Sometimes, when you offer all that you have and there is no more to give, all the good that you intended seems to crash down around you. All of your efforts seem to have been for naught. Hidden sacrifices and hidden tears seem to have paid no dividends.
Sometimes, while offering a noble sacrifice and tender act of mercy, you only accomplished your own humiliation. Not only the project that you failed to bring to completion, but your own weakness and inadequacy stare you in the face. No noble feelings are left. Only void remains.
Do not let this abyss of humiliation go to waste! Do not let the opportunity to pray in the midst of failure pass you by. For here, we are finally able to offer something of real worth in the eyes of God. Here, in the place where plans are shattered and the heart is broken, Christ Crucified awaits us in love – and the Author of our Faith waits to make our own faith perfect.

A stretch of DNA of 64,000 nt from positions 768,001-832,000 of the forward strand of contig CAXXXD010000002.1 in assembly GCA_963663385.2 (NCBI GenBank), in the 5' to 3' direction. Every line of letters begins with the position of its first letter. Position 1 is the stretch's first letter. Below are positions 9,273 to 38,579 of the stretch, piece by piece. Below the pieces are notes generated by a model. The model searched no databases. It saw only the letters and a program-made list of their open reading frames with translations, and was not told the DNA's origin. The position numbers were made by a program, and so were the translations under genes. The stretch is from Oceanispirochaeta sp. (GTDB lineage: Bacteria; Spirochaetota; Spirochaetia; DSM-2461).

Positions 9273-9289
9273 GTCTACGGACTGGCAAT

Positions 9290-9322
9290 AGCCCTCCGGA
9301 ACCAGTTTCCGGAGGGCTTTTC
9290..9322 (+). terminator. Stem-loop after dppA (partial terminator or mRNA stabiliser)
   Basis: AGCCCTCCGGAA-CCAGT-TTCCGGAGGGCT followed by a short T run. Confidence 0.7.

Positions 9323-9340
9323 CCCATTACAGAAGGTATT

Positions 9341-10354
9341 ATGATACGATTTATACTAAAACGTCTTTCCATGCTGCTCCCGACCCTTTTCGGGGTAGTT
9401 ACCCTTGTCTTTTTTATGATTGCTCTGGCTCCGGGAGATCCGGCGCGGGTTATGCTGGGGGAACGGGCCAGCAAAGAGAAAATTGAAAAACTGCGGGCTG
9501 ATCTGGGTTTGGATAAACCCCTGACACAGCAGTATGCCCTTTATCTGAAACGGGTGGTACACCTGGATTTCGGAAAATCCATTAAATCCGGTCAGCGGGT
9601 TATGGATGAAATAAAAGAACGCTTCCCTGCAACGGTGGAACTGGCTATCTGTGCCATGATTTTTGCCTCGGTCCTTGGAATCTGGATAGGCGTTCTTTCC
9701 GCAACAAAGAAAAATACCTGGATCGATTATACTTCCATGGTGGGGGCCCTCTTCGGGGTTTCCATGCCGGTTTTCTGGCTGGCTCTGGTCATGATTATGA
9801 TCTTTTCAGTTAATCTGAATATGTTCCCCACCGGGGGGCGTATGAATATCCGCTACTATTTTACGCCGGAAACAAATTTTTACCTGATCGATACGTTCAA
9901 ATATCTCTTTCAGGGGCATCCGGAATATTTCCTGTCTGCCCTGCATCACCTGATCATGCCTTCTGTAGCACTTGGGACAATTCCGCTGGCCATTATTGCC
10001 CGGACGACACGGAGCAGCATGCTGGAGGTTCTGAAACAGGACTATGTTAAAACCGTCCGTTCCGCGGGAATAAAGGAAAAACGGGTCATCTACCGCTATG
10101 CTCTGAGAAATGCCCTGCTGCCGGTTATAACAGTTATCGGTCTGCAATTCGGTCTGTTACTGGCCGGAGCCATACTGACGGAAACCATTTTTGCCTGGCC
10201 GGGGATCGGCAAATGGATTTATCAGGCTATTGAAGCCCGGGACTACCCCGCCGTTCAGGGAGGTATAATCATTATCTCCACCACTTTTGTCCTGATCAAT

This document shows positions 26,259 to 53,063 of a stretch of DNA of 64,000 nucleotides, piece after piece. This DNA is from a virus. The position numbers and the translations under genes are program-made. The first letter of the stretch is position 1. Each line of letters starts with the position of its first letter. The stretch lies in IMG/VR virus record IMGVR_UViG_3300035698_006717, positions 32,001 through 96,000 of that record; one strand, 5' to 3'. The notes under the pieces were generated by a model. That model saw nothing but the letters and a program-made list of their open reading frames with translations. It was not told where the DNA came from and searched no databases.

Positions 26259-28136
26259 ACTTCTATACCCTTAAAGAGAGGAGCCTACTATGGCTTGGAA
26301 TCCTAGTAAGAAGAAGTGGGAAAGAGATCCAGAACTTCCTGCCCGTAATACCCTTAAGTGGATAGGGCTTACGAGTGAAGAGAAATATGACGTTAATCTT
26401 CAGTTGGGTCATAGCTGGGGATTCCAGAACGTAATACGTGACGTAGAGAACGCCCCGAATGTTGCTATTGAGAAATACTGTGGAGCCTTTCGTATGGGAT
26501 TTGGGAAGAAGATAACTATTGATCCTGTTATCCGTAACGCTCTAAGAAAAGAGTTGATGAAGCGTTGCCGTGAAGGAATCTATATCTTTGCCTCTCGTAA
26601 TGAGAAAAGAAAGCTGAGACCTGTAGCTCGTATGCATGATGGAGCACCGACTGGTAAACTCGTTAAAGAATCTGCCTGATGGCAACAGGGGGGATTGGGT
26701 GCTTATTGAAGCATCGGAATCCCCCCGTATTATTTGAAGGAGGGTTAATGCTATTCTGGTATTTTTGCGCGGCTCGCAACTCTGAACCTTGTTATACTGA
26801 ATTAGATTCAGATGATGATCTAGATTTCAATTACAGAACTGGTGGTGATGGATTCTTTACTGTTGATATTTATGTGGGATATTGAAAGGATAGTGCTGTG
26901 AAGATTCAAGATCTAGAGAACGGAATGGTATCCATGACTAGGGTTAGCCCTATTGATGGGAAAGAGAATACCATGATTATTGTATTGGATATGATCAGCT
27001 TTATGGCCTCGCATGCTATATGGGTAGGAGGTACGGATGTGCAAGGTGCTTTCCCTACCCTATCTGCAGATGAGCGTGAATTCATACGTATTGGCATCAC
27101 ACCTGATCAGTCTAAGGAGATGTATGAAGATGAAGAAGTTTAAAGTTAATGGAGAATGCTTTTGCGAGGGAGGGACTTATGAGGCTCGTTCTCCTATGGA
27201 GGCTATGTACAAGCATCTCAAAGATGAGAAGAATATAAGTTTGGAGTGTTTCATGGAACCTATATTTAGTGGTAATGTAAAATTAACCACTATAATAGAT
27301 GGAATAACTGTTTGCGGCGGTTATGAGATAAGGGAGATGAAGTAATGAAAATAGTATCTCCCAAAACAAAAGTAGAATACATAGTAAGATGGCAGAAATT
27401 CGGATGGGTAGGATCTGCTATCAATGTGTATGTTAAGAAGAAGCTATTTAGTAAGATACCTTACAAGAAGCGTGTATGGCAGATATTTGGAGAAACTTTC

The King of Glory prefers these places of poverty and failure: consider where He was born and how He died. The Image of the Invisible God has chosen to make our humiliation His own. When we are humiliated for His sake, He who is Mighty stands ready to exalt us.
That is why, precisely when we are engulfed in disappointment, we should not torment ourselves with what we thought ought to happen, but give thanks for what the Lord Himself will accomplish. We do not need to know how or what He will do. We only need to trust that His work will be so much more beautiful than anything that was limited by our own categories of success.
Faithfulness, not success, is the good soil of prayer. In failure and defeat the frailest act of love and trust makes the whole world vulnerable to a new work that the Creator yearns to accomplish. In such a sacred place, the smallest act of gratitude is like a mustard seed. When the heart is crushed, one instant of praise in such circumstance is like a priceless pearl in His eyes. Such an act opens fissures in this world and into these the Fount of Living Waters waits to pour the inexhaustible treasuries of His great mercy.
This post originally appeared on beginningtopray.blogspot.com
Image Credit: Neonbrand on Unsplash